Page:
Recently I was troubled about the slow pace of our van being converted to a campervan. Let’s just say that I started creating a massive monster of a problem in my head about this. Gratefully, I noticed what I was doing and stopped. After a good night’s sleep and allowing this issue to rest, Tim and I had a lovely chat; we remembered how well we worked together when we were travelling and now adopting this way of working with our latest project.
But what could have happened if I hadn’t realised the fallacy of overthinking?
I’d go over and over, processing the problem, creating conversations in my head that don’t exist. Ruminate what Tim was thinking (even though I have no idea), feel annoyed, angry. I’d search for other times I felt irritated and then think our relationship was damaged, creating a thought-storm out of a gentle breeze. What a mess!
Over time, being an overthinker can lead to anguish and mental illness. It’s not worth it.
Carlson and Bailey describe in their book our other mode of thinking, like a river that flows, “bringing us new information and thoughts in the moment—some from memory, some from the creative source.” One of my clients called this “waterfall thinking” – I love that.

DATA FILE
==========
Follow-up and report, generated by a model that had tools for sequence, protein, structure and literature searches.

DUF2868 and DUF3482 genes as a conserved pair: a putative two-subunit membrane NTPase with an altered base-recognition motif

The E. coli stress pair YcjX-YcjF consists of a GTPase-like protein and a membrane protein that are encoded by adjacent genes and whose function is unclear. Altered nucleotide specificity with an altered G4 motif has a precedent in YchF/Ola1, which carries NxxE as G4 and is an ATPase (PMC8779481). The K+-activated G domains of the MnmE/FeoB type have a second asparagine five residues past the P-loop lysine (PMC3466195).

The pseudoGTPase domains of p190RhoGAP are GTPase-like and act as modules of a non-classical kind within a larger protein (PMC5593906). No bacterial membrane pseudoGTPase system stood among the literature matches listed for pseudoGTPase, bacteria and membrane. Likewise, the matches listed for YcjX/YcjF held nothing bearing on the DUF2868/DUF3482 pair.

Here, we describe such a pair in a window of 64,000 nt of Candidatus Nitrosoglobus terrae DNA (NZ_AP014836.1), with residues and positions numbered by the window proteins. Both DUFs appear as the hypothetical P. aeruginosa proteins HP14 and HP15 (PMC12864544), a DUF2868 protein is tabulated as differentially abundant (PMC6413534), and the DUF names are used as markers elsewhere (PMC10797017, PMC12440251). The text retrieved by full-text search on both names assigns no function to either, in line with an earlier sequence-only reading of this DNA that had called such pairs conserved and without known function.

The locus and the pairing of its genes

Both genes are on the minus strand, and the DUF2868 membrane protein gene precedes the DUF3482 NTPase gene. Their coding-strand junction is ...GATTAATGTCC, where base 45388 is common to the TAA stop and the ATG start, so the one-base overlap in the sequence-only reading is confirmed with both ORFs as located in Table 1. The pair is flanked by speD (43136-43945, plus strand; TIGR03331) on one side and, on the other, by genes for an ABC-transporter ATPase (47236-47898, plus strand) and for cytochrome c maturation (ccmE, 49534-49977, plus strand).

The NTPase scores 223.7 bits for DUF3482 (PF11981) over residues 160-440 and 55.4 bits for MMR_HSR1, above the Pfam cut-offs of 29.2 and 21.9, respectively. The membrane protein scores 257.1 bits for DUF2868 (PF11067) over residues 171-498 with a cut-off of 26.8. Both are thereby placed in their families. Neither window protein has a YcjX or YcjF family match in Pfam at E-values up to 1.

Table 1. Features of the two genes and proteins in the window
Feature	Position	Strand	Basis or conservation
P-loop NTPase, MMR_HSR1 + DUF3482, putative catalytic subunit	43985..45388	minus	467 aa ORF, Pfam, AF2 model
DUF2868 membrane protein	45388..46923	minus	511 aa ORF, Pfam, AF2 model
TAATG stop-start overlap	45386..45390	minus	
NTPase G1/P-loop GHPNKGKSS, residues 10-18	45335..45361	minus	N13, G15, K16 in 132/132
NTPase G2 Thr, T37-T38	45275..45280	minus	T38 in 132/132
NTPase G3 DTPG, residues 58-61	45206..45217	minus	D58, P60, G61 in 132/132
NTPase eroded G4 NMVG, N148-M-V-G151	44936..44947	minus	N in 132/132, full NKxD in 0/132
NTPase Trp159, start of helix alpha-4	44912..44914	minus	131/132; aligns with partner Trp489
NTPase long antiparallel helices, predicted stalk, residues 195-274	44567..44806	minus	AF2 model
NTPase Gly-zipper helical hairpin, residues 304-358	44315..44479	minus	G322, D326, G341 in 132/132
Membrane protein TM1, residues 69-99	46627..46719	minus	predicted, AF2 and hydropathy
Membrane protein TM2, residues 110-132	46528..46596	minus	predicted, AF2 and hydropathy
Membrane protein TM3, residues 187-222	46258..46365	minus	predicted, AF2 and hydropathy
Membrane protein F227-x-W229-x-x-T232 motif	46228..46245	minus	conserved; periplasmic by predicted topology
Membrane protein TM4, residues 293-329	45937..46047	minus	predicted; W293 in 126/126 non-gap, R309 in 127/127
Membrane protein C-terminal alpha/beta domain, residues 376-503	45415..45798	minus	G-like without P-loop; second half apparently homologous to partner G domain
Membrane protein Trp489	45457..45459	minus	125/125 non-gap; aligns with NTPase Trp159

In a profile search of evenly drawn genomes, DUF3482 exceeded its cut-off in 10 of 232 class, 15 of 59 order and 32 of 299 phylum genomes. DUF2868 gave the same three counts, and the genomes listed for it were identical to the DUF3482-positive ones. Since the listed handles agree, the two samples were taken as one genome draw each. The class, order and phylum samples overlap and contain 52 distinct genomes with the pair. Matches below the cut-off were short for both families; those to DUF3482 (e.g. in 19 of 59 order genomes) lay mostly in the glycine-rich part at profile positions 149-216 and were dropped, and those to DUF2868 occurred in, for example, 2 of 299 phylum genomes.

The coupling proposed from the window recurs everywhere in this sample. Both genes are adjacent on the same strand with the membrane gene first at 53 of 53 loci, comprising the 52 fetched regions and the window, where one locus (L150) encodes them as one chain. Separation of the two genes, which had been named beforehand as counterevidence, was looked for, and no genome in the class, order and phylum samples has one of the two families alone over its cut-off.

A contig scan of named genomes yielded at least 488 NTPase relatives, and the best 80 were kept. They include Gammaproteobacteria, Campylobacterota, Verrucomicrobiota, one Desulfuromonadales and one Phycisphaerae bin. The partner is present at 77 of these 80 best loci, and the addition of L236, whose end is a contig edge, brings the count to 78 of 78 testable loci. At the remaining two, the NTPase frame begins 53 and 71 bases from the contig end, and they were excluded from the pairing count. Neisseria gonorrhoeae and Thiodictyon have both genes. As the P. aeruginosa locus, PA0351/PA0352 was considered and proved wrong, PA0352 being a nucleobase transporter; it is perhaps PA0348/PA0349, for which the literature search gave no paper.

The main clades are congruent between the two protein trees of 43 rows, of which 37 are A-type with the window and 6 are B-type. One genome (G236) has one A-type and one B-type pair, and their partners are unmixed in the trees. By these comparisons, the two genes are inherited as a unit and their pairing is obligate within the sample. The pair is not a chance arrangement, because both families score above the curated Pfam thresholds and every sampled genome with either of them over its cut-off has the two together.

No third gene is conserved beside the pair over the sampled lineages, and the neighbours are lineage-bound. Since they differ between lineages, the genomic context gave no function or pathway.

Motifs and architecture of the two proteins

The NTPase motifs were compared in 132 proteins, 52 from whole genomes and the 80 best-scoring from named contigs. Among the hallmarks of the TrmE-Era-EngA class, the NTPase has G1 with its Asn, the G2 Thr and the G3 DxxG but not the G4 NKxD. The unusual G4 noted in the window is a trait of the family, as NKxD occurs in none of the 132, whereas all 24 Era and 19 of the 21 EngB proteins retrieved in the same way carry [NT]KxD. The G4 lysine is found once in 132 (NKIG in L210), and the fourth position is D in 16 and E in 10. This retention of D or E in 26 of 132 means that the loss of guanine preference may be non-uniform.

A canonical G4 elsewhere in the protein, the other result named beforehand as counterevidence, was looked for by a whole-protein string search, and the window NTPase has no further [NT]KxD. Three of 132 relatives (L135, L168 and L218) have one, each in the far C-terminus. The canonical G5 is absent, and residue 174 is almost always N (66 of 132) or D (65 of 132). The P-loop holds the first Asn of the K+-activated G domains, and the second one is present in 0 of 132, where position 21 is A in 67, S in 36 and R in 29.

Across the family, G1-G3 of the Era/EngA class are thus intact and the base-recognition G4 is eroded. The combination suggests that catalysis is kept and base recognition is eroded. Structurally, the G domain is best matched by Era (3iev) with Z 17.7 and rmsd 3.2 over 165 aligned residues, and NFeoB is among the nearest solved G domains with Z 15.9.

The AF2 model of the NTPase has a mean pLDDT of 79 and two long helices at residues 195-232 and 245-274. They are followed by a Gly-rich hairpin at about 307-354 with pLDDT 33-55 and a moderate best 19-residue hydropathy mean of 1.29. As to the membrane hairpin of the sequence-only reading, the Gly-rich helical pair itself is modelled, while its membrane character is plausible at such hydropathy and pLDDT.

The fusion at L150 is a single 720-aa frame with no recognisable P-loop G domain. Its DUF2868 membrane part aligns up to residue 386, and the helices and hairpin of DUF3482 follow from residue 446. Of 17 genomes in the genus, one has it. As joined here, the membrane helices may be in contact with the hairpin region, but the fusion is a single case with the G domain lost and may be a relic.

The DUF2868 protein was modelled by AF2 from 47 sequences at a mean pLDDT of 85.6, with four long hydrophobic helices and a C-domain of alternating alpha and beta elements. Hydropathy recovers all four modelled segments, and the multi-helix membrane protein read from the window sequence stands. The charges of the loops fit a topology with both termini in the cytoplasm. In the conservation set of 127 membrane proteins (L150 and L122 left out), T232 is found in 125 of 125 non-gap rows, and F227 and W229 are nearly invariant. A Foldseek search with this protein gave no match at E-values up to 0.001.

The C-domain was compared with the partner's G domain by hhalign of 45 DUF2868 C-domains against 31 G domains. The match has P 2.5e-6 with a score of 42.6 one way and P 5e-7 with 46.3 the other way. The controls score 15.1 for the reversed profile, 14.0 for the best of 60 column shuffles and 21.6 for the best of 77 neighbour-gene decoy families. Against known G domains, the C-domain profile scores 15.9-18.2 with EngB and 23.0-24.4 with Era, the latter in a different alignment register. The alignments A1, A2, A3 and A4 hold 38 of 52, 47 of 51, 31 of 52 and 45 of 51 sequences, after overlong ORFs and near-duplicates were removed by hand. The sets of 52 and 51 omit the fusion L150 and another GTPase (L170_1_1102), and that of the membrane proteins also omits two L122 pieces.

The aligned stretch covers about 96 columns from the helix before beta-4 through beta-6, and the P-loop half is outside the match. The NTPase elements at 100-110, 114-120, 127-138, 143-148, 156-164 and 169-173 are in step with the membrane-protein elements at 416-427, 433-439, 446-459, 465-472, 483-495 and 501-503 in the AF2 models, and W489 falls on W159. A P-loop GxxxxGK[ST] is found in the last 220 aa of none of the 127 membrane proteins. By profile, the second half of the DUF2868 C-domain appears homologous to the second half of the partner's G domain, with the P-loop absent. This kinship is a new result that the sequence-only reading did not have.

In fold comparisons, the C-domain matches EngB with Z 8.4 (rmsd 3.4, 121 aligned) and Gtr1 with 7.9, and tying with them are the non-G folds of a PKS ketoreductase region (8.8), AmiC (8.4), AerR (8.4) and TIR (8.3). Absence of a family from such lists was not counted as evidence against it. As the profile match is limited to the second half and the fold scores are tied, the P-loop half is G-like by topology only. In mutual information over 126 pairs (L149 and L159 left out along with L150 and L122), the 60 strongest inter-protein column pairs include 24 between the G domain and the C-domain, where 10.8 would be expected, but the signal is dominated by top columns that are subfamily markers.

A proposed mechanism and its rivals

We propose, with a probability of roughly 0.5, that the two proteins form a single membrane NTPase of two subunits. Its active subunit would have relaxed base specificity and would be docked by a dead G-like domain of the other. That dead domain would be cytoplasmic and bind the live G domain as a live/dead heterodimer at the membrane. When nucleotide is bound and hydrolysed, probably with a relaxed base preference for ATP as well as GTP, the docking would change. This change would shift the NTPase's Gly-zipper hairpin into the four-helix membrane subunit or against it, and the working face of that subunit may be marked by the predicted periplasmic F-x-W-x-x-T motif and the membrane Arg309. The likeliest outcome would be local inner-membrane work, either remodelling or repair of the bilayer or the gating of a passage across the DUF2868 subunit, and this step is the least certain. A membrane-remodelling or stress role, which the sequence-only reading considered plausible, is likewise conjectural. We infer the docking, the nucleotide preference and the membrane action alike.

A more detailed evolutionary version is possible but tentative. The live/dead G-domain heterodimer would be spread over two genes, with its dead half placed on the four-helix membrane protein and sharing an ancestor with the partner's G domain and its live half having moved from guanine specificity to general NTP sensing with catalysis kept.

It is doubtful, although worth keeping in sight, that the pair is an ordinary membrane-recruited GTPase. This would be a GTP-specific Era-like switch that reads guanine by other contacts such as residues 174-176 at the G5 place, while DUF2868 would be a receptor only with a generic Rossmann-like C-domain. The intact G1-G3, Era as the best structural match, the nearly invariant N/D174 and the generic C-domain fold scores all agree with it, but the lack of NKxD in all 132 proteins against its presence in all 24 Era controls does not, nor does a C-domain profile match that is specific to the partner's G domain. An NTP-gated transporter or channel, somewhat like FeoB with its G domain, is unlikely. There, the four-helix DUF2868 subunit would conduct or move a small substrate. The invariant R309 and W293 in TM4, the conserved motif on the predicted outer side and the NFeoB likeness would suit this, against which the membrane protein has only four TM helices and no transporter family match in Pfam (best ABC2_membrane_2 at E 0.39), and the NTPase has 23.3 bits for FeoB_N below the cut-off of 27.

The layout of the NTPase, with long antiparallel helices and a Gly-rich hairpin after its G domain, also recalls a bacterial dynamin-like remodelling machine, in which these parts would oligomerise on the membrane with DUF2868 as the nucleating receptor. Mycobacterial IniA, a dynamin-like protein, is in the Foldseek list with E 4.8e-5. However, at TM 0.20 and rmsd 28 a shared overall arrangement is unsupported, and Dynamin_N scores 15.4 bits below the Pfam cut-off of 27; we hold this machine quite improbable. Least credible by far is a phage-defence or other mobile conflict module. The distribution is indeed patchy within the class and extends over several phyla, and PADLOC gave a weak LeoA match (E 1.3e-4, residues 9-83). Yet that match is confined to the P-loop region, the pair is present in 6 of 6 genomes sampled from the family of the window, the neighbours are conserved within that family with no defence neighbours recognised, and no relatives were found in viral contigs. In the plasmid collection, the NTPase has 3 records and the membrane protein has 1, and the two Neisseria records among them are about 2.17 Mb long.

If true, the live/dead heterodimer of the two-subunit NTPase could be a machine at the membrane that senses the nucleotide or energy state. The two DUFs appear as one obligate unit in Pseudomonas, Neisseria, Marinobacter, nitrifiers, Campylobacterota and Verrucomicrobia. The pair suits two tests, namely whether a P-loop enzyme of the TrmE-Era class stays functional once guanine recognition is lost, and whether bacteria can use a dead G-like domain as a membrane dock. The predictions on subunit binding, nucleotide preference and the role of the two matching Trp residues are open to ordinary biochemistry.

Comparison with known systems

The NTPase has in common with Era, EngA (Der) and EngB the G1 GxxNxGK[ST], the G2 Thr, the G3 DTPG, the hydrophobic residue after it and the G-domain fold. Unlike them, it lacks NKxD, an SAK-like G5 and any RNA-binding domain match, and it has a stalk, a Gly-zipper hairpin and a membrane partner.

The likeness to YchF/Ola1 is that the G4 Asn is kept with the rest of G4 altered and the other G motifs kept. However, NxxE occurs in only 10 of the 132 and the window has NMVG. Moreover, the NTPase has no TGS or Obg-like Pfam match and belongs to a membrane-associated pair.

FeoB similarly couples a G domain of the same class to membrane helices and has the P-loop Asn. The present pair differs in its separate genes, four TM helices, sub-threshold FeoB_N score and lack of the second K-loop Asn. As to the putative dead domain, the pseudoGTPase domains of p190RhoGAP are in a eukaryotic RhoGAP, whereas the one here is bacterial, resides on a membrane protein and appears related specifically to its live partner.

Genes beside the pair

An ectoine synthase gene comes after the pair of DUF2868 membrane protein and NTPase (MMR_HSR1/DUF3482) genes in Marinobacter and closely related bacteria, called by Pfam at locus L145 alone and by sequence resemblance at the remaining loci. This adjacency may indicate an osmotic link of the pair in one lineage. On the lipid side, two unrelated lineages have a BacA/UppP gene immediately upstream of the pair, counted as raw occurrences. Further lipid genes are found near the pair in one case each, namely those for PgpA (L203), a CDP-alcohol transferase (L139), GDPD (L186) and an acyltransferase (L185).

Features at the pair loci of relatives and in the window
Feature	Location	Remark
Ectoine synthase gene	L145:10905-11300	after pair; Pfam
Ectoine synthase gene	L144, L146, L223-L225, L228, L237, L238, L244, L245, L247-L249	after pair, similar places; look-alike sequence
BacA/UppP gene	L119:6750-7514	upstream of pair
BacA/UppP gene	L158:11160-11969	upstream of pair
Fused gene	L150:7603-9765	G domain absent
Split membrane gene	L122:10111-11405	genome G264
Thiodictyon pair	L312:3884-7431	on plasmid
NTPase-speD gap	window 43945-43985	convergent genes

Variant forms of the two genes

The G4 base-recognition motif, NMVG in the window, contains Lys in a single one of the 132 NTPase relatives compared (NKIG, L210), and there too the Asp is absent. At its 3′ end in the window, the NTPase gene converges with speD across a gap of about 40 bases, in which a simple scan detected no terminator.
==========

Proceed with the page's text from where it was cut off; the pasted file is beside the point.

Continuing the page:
It’s that type of thinking that we hardly notice; we are inflow. New thoughts seem to pop out of nowhere; it’s effortless. When I am coaching, I see wisdom being spoken by my clients when they get out of their busy process minds. That’s where insights are created that can be transformational to people’s lives.
Often clients tell me that their thoughts flow effortlessly when they are in nature amongst the trees, in the shower or driving a car. They attribute this to the circumstance they are in. However, it’s not got anything about where we are or who we are with.
The reason is that they are no longer in their process, analytical thoughts. That’s it. We can’t be in both modes of thinking at the same time.